Tag Archives: Buckcherry

New Album!Jetpack On!

Jetpack On! (their punctuation – although I would imagine that anytime a jetpack is involved, there is some sense of urgency) is a three-piece band from Michigan that nicely straddles indie, powerpop and straight-ahead rock and roll. Guitars rock, vocals are solid, and there’s a conscious effort to avoid padding in the arrangements – a welcome change from a lot of young bands seeking to set themselves apart from the pack.

Leadoff cut “Best I Can” is punchy with an infectious chorus, sounding like Snow Patrol asked The Edge to sit in on guitar – and it’s even better than that sounds. There are a myriad of “sounds like” moments here, from the above referenced U2 in “Come On Stack It Up” to such polar opposites as a poppier Buckcherry (“Tease Tease Tease”) and a far more skilled Maroon 5 (“I Know, You Know”, “Here Again”). One could even imagine a mature Billy Idol helming “Another Surpise” and having an FM hit with it; guitarist Ryan Hoger even sounds like he’s getting his Steve Stevens on during the solo.

Hoger and Nick and Vince D’Agostino (bass and drums, respectively) have a clear, crisp sound and songs that for the most part hold up very well with repeat plays. The ten tracks hover between the four and five-minute mark, which is a minute longer than people expect from pop songs, but Jetpack On pulls it off; I never felt like the songs should have ended sooner.

In fact, my two favorite tracks might be the longest. The hypnotic single “Where Do We Go From Here?” gradually builds from a pulse to a fist-pumping rocker, and the closing track “Bring Her Back Home” is just dripping with attitude. I suggest that you check them out and get your Jetpack On!

Jetpack On! at MySpace

Although he sat in on a gig in July, he hadn’t been playing drums with them since 2009, but you can’t think of Little Feat without thinking of its backbone, and one of its founders, Richie Hayward. Diagnosed with liver cancer last year, and sadly (like so many musicians) without sufficient health insurance, he finally succumbed Thursday night.

Beyond the storied and wonderful Feat catalogue, Hayward also played with a laundry list of musicians over the years and will be sorely missed. I hope he and Lowell George are jamming right now in that club on the other side. R.I.P. my friend.

Richie Hayward

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Under The Radar: Jet City Fix

Bittersweet memories – I got to see Link Wray play shorly before he died, and although he was as frail as a wet tissue offstage, once they draped that guitar over his shoulders and zipped up his leather jacket, he was The World’s Oldest Ramone. And it was that night that I also discovered the brilliant band that backed him up, the Jet City Fix. Still play the snot out of that one album and am hoping they haven’t given up the ghost. Here’s a reprint of my review of their one and only release to date:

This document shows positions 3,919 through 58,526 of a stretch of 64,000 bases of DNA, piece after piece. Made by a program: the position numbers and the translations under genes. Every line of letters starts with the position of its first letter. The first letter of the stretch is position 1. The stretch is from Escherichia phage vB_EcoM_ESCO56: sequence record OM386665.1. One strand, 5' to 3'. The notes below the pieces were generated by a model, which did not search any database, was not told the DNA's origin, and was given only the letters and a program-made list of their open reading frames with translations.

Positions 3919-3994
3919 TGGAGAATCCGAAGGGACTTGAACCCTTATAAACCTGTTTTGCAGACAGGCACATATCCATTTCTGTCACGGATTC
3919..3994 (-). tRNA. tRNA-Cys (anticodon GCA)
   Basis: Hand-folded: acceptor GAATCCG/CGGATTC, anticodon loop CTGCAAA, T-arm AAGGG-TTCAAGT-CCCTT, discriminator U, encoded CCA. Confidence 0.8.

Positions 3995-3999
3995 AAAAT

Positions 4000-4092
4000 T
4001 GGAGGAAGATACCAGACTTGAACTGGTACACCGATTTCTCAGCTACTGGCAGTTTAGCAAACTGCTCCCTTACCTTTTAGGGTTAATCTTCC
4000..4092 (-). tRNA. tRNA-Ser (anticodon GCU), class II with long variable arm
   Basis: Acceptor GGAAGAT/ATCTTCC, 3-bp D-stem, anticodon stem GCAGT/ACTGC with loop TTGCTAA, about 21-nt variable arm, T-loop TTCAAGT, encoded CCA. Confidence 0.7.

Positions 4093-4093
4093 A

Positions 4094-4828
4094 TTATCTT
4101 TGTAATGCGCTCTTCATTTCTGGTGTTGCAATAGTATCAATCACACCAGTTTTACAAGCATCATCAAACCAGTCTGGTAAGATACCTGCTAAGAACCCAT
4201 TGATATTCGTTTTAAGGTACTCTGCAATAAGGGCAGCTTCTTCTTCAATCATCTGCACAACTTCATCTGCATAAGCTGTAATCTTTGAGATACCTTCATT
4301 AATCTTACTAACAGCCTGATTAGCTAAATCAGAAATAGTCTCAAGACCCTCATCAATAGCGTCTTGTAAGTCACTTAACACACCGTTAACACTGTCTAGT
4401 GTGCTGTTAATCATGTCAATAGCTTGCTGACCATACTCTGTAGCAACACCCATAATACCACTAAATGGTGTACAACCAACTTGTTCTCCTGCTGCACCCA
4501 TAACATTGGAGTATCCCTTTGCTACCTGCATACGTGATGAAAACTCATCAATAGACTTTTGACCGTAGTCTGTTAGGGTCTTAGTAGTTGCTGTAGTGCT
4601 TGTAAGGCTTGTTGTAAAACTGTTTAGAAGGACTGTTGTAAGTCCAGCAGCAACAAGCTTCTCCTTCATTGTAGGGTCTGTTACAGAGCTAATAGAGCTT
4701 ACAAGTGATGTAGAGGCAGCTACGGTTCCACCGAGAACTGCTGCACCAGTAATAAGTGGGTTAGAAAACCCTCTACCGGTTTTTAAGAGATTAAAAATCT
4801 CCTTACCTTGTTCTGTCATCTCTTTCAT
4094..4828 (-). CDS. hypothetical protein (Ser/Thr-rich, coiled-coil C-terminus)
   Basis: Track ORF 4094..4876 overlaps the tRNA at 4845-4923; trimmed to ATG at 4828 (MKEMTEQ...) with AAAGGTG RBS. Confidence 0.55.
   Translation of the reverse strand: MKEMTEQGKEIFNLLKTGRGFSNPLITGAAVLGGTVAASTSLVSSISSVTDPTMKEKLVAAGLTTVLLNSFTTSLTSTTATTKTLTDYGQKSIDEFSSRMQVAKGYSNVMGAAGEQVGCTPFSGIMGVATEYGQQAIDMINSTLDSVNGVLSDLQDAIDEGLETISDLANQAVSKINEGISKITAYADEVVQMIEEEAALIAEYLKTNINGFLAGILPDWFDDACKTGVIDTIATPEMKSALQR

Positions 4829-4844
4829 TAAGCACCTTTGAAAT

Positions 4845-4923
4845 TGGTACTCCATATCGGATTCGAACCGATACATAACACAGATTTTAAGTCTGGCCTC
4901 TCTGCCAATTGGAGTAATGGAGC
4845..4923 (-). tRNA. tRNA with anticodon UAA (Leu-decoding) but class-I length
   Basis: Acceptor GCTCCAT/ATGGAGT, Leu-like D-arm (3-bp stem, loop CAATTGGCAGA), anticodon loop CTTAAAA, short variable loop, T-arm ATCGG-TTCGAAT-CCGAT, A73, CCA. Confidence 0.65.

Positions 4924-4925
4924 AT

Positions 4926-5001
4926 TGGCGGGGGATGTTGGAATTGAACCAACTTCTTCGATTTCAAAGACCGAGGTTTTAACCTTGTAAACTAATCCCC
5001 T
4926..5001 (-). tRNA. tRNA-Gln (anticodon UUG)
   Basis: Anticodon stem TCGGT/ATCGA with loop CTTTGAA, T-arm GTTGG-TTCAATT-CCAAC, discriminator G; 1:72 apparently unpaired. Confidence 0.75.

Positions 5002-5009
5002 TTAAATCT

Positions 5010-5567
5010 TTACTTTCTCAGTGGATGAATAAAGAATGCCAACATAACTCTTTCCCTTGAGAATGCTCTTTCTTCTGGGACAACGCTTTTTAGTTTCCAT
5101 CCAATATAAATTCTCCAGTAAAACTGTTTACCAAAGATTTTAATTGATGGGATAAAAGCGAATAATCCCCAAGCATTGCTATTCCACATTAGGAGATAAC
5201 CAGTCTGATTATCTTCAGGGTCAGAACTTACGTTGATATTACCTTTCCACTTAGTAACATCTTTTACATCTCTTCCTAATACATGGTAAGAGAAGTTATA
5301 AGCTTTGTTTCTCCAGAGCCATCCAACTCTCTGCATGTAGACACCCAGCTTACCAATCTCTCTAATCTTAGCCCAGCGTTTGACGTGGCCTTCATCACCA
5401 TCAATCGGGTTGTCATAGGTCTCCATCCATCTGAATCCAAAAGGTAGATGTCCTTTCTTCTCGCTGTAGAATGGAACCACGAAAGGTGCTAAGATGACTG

This album goes to "eleven"...

This album goes to "eleven"...


Jet City Fix – Play To Kill

As Play To Kill made my speakers bleed, damned if I didn’t swear on a stack of burning bibles that the Jet City Fix was from Dee-troit, where real rock and roll oozes out of every pore. But no, it’s the “Jet City” of Seattle making up for a decade of substandard grunge by shepherding a goddamned real live rock and roll band our way. 

Here you have:

  • A band good enough to open for and back up Link Wray.
  • A band that can stand toe-to-toe with Iggy.
  • A band cool enough to not only revere The Wildhearts, but to cover one of their songs.
  • A band with the balls of Social Distortion that can write a hypnotic hook without making it sound like formulaic radio fodder.
  • Guitars that sound like they’re plugged in and turned up.
  • A vocalist whose sandpaper voice – imagine Elvis Costello straining to keep up with Buckcherry – can carry the melody instead of the other way around.
  • Fist-pumping songs like “Drowning” and “Dumb Luck” and “Whipped” – even a self-titled anthem called “Jet City’s Rockin”.

Play To Kill is one cup of glam, three shakes of rockabilly, a dash of Joe Perry, a lick of Mick Jagger’s swagger and two buckets of attitude dumped in a Waring blender and set to puree. To quote the closing track, “Fire It Up” – pretenders like The Strokes surely peed their widdle panties when they heard this one.

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